Nokia is making 5G deployments faster and more cost-efficient with its patent-pending 5G virtual testing environment. In its over-the-air validation area in Oulu, Finland, Nokia works with operators to simulate massive MIMO antenna beamforming performance by combining physical testing with a leading edge virtual environment.
5G increases the complexity of physical antennas, the algorithms necessary to deliver optimal efficiency, as well as the sheer number of site deployments. In the 5G test lab, Nokia combines a unique physical over-the-air test environment with virtual reality (VR) to test and verify the optimal site locations of the antennas for operators. Using Nokia's patent-pending approach, the test lab simulates a multitude of different physical environments to improve both the accuracy and performance of 5G mMIMO beamforming antennas in the real world.
The lab is also used to verify ReefShark chipset massive performance gains and test ReefShark components in complete radio systems as ReefShark based deployments are continuing to accelerate. Furthermore, the test lab is instrumental in the development of artificial intelligence and machine learning algorithms, which are vital to maximize the capabilities and spectral efficiency of mMIMO antennas.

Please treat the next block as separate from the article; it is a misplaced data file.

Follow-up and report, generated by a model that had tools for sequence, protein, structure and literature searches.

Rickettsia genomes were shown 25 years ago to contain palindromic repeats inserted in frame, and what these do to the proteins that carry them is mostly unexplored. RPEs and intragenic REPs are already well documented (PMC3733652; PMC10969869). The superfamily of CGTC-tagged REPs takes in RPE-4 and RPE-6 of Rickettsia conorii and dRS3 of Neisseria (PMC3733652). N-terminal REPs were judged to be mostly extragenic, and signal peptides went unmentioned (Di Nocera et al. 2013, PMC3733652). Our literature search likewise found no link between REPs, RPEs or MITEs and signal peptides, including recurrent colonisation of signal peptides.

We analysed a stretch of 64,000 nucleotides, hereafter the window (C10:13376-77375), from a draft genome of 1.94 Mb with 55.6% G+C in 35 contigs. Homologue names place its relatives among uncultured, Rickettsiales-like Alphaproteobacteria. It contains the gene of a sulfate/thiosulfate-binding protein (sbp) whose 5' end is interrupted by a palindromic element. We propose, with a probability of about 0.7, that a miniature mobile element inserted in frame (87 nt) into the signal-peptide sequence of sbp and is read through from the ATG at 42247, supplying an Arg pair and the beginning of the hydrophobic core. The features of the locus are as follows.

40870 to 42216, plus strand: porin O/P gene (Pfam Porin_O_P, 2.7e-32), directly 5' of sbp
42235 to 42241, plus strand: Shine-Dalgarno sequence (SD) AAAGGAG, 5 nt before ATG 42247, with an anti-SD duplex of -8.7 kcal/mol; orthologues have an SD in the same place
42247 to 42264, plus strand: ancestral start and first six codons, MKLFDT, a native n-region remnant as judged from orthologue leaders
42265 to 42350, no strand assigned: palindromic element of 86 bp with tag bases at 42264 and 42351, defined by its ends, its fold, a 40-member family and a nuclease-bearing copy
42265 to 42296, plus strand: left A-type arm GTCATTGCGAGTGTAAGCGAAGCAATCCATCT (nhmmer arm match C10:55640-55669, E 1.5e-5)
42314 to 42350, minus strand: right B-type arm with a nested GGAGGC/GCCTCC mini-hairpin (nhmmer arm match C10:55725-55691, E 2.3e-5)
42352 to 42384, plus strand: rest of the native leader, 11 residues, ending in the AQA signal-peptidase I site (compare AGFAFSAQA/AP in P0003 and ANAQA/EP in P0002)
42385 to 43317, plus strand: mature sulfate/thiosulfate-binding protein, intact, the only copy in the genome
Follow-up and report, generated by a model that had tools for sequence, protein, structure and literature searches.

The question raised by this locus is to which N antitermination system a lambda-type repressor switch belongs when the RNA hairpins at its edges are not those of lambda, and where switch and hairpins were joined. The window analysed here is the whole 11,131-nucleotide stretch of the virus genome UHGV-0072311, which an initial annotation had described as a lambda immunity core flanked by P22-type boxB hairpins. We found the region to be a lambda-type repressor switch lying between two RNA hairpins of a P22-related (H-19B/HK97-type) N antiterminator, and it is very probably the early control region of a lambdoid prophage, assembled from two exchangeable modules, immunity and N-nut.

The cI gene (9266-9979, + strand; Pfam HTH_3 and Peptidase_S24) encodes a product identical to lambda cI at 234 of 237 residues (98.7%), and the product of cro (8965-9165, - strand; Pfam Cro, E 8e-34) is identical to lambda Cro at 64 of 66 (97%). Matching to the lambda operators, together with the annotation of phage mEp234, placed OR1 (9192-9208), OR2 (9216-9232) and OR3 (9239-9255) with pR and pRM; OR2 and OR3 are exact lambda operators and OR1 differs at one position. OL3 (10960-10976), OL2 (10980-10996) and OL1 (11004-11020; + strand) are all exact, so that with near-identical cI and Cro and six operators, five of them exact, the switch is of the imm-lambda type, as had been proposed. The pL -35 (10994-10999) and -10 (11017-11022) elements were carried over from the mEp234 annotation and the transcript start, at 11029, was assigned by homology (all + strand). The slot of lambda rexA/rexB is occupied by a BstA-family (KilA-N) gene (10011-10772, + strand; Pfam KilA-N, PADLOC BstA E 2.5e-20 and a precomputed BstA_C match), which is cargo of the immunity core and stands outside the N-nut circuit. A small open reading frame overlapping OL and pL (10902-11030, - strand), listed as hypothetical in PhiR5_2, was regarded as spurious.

By combining the physical and VR worlds together with mixed reality, this unique lab creates a powerful tool for real-world massive MIMO deployment and is being leveraged by leading 5G operators such as Telia in Finland.
Timo Hietalahti, Head of Network Architecture and Development at Telia Finland: "Telia is at forefront of 5G technology in Europe. Nokia's unique lab environment helps us to identify 5G radio network planning challenges earlier and solve them faster. This is a big step forward as it builds the bridge from product design to network implementation and optimization."
Tommi UittoPresident of Mobile Networks at Nokia: "We are very proud of our one-of-a-kind 5G virtual reality testing environment. Instead of expensive and time-consuming drive tests in the city streets, we can build a digital twin on the test lab wall and simulate the mobile devices moving around and the antenna beams following them. This is used for verification, troubleshooting and optimization, making it faster and more efficient to deploy 5G."